Period-related sluggishness might make you feel even more inclined to reach for the cold brew, but research shows that coffee can seriously exacerbate menstrual pain. That's because caffeine makes our blood vessels constrict, which can ultimately have a tightening effect on the uterus.
If you're craving a little more regularity with your period, might we suggest snacking on some hummus? "Chickpeas provide a B6 boost to help with progesterone levels for an on-time bleed," says Vitti.
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Nuts, like almonds, walnuts, and pecans, are rich in omega-3s. They're also a great snacking alternative to chips because they're filling, according to The Cleveland Clinic.
Avoid: Sugar and Artifical Sweeteners
We fully understand that when your uterine lining is plotting its exit strategy, few things are more satisfying than a soft-baked chocolate chip cookie from your local coffee shop. Just keep in mind that sugar is a slippery slope, especially when it comes to mitigating your period symptoms. By messing with your blood sugar and cortisol levels, sugar will likely only exacerbate bad mood swings, acne, and energy levels. That's especially important to remember if overwhelming fatigue is one of your most consistent side effects.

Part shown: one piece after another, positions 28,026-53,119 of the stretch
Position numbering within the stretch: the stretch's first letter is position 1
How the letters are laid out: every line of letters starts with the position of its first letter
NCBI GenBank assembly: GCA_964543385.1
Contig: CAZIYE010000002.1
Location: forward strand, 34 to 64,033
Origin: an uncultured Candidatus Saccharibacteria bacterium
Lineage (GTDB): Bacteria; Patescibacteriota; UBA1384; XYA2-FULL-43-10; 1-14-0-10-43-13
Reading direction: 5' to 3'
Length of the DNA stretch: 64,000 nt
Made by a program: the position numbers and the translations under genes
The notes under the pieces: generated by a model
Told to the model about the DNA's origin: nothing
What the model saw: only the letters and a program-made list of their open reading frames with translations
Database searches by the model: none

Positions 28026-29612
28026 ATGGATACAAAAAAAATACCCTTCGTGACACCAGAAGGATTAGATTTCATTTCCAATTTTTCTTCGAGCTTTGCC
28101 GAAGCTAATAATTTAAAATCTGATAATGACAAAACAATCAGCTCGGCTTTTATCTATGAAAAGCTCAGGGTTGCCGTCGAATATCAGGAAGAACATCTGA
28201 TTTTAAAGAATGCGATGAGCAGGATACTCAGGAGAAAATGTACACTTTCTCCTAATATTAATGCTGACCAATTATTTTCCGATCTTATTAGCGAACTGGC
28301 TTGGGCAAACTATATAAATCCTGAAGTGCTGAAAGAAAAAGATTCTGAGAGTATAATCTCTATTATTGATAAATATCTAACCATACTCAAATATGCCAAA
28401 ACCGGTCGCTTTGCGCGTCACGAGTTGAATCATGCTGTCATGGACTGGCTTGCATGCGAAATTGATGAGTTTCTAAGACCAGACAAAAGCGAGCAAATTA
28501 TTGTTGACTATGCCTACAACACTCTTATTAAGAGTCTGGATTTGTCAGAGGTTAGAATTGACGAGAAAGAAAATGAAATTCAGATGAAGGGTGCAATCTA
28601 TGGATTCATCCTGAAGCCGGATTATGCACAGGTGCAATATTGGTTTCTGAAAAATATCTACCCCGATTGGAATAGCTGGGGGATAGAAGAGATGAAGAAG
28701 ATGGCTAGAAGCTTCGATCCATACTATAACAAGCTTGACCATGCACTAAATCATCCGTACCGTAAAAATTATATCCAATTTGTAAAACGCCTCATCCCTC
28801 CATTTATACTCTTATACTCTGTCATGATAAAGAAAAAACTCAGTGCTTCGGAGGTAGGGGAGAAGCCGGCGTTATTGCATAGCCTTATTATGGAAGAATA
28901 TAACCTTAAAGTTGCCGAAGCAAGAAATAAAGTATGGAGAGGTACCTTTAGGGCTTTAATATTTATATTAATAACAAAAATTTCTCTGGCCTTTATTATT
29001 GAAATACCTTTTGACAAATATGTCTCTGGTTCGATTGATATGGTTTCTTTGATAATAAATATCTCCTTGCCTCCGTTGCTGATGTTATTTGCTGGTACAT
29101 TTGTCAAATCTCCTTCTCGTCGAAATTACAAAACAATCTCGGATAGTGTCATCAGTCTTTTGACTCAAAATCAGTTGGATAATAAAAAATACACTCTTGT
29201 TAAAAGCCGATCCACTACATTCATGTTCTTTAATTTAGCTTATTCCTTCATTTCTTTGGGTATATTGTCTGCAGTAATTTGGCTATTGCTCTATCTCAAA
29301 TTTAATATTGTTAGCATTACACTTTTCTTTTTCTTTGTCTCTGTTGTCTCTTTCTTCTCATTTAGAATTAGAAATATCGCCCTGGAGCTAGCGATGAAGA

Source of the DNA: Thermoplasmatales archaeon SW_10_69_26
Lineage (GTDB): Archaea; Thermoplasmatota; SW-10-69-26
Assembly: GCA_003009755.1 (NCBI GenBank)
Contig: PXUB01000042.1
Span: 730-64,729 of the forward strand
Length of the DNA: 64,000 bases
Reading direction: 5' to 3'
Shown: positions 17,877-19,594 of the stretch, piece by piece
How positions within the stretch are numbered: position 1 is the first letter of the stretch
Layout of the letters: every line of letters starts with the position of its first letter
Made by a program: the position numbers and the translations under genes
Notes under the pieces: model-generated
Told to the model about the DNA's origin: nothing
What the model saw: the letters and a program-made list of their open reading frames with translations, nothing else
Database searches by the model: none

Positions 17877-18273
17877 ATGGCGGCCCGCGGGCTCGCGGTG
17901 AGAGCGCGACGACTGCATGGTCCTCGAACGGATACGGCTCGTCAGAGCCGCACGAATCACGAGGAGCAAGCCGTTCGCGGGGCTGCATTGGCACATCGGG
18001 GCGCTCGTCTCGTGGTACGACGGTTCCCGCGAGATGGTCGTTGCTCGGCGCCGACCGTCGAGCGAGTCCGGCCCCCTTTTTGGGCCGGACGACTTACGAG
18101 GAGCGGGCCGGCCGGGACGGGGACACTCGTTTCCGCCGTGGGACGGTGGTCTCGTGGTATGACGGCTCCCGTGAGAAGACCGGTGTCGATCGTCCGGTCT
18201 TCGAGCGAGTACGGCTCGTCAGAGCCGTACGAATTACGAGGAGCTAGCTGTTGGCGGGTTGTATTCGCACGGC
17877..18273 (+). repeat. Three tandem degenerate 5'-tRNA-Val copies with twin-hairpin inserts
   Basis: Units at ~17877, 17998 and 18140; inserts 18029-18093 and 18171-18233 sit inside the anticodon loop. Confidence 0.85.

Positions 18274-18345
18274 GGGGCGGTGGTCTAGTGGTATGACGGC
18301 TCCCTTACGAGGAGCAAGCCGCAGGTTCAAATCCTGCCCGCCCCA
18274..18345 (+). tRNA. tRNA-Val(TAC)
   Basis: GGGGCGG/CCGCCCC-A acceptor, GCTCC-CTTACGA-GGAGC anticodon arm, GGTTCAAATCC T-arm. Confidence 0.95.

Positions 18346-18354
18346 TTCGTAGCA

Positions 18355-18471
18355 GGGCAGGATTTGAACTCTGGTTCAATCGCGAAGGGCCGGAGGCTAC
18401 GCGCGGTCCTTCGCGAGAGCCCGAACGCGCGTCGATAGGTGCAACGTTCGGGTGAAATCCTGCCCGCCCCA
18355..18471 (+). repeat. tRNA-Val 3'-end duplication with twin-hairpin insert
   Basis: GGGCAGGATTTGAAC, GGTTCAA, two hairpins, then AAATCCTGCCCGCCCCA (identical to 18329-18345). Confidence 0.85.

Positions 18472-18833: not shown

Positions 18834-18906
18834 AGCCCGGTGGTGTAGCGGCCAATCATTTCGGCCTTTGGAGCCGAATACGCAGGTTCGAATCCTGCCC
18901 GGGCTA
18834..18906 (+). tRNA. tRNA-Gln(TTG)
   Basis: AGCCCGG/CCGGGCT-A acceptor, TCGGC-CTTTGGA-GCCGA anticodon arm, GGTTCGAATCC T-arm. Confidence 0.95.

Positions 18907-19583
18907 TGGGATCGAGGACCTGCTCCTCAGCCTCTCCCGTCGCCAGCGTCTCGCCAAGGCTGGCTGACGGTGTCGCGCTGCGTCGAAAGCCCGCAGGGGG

Artificial sweeteners aren't a wise replacement, since they're shown to disrupt hormones as well. Our advice? If you're craving something naughty, reach for some unsweetened dark chocolate instead.
We tend to retain more water around our periods, which can be the main culprit behind bloating. Potassium helps restore the natural fluid balance in our bodies, and bananas are chock-full of it. So are oranges, cantaloupe, and apricots.
Avoid: Processed Soy Products
While most soy products have only a mild estrogenic effect, they also won't do you any favors in terms of hormonal balance, says Vitti. While small amounts of unprocessed, fermented soy—like miso, for example—provide a nice dose of nutrients, she recommends steering clear of processed sources like tofu, soy milk, and artificial meats.
EAT: CHAMOMILE TEA
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Swap out your caffeinated beverages for chamomile tea. According to certified nutritionist Ariane Resnick, it "relaxes muscles, eases nerves, reduce hormone-related anxiety."
Alcohol may sound tempting, but it won't make you feel better. "Your body is already on overdrive and fatigued. Adding a toxin to your body will do more harm than good," explains Laura Martin, certified holistic health and wellness consultant, gut specialist, and founder of Healing to Happy. "Give yourself the five to seven days to just relax with some chocolate and chamomile tea instead."
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The curcumin found in turmeric is a powerful anti-inflammatory food. This can help ease the tension and inflammation you feel during your cycle. "I have my clients sip on a soothing turmeric latte made with coconut milk, turmeric, cinnamon, ashwagandha, and cracked black pepper as a hormone-balancing tonic," recommends Martin. "Make sure to use the cracked black pepper so you can absorb the medical benefits of turmeric and pair it with healthy fat, as curcumin is fat-soluble."
This article was originally published at an earlier date and has since been updated.